Bakuchiol (BAK), a bioactive natural meroterpene isolated from the seeds of Psoralea corylifolia, has long been used as a traditional Chinese medicine . Crucially, previous studies have observed the favorable effects of BAK in the setting of diabetes. Seo et al. noted that BAK significantly reduces blood glucose levels, improves glucose tolerance, and increases serum insulin levels in streptozotocin-induced diabetic mice . Krenisky et al. confirmed that the oral administration of BAK reduces blood glucose levels in db/db mice with type 2 diabetes . Moreover, growing attention has also been paid to its protective actions on cardiovascular performance. Wang et al. demonstrated that BAK protects against pathological cardiac hypertrophy by blocking the NF-κB signaling pathway . Feng et al. reported that BAK attenuates myocardial ischemia reperfusion injury by maintaining mitochondrial function . Additionally, Kassahun et al. found that BAK induces vasodilation in rat arteries through both endothelium-dependent and endothelium-independent mechanisms . However, the relationship between BAK and diabetic cardiomyopathy has not been clarified thus far. In this study, we first observed that BAK treatment could significantly increase cell viability and prevent cell apoptosis in HG-cultured H9c2 cells. Then, the in vivo study further verified that BAK supplementation not only blocked myocardial hypertrophic response and alterations in left ventricular mass but also attenuated interstitial and perivascular fibrosis and collagen deposition. And the improvement of above structural abnormalities ultimately alleviated the cardiac dysfunction in the BAK-treated mice. Therefore, the administration of BAK may be a potential approach for the intervention of diabetic cardiomyopathy.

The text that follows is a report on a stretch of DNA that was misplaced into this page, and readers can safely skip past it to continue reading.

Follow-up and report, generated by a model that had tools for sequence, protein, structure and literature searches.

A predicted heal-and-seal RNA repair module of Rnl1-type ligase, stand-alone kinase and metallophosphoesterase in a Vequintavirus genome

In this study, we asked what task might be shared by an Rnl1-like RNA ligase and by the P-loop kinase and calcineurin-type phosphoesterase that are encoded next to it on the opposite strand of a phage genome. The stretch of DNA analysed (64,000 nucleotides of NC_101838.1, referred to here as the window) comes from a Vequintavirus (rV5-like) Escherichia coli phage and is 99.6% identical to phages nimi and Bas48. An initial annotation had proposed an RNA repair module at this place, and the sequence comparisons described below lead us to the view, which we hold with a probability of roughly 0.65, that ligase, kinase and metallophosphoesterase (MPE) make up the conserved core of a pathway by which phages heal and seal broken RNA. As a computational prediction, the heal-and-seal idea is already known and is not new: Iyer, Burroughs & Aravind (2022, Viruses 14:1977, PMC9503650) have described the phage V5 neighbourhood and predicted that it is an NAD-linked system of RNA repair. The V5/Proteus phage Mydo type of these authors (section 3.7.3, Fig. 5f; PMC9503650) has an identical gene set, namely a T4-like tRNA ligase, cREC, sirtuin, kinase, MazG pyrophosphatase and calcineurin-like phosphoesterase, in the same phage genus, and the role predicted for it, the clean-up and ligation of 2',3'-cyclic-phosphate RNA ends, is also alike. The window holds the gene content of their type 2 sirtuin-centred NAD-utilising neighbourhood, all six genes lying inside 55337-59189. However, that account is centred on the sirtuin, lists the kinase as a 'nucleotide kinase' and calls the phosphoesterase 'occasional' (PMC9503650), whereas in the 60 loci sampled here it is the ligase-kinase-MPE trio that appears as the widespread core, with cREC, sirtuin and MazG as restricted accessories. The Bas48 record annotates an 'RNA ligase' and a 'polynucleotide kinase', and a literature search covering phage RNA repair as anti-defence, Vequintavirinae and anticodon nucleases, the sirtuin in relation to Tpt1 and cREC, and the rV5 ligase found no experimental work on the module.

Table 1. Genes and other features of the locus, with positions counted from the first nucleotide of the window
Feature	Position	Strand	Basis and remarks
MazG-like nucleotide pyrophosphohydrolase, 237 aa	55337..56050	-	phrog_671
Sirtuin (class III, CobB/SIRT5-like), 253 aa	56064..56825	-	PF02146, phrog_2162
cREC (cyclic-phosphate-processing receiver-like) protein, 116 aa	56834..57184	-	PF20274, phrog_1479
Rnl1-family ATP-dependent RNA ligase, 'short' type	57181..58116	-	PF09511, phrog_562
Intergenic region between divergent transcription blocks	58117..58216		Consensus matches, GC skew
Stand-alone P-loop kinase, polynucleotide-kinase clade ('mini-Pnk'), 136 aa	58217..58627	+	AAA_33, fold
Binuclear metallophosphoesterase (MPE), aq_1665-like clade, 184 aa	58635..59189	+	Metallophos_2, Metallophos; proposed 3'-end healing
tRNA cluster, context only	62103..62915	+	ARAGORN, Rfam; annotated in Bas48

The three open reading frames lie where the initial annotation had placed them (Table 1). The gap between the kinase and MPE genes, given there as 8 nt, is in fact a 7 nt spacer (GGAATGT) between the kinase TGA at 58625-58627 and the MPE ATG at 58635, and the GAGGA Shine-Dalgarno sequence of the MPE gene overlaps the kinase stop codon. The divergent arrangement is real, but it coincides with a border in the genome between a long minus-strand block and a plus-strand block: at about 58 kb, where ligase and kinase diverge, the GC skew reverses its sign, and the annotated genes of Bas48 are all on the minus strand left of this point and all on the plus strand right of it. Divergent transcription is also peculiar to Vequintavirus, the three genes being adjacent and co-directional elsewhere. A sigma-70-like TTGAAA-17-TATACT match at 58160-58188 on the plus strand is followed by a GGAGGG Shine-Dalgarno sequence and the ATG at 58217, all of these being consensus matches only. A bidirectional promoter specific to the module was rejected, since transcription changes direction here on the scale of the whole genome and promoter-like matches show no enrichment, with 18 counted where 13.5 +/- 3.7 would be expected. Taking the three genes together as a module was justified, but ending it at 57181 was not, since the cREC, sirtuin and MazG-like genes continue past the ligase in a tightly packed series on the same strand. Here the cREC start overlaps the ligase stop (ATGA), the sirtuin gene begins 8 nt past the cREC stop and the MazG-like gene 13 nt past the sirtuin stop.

Evidence has shown that the oxidative stress in human diabetic hearts was overwhelming, which has been proven to be one of the pivotal roles in the development and progression of diabetic cardiomyopathy [5, 7, 44]. The metabolic milieu associated with DM, such as hyperglycemia, hyperlipidemia, and hyperinsulinemia, unduly increased ROS generation from mitochondrial and extramitochondrial sources [7, 45]. And the overly stimulated ROS production further triggered the oxidative stress in the diabetic myocardium, accompanied by immoderately exhausted endogenous antioxidants and excessively accumulated prooxidative damage products [6, 46]. At the same time, continuously boosted state of oxidative stress altered multiple molecular pathways within the cardiomyocytes, finally leading to the myocyte apoptosis or necrosis [9, 47]. More importantly, the pathogenies of diabetes-associated cardiac fibrosis and hypertrophy were proven to be closely connected with increased oxidative stress. On the one hand, overproduction of ROS could induce TGF-β1/Smad3 signaling activation, which promoted the expressions of several fibrotic markers, causing the proliferation of cardiac fibroblasts and collagen synthesis [48, 49]. On the other hand, increased oxidative stress could lead to the switch in the hypertrophy-related gene MHC expression from the α-MHC isoform to the β-MHC isoform, which marked the progression of cardiac hypertrophy [7, 50]. Hence, to inhibit ROS generation and relive the oxidative stress will be a very promising treatment strategy for diabetic cardiomyopathy. Intriguingly, numerous studies have provided supports for the use of BAK as an effective antioxidant. Haraguchi et al. found that BAK showed broad antioxidative activities in rat liver microsomes and mitochondria . Adhikari et al. revealed the importance of the terpenoid moiety of BAK in controlling its antioxidant action via radical scavenging . Moreover, thanks to its highly efficient antioxidative capacity, BAK has been certified to exhibit protective roles against multiple diseases in various organs or tissues [13–16], which greatly prompts us to confirm this effect in diabetic cardiomyopathy. As expected, data collected in our study showed that BAK treatment markedly improved SOD and GSH-Px activities and reduced MDA content, as well as inhibited hyperglycemia-triggered ROS production, thus alleviating myocardial oxidative stress both in vivo and in vitro. Furthermore, from the fibrosis-related protein and hypertrophy-related gene levels, BAK administration remarkably inhibited the expression of α-SMA and suppressed the activation of TGF-β1/Smad3 signaling. Meanwhile, mRNA levels of ANP and BNP were significantly decreased, and gene MHC expression underwent canonical changes from β-MHC to α-MHC.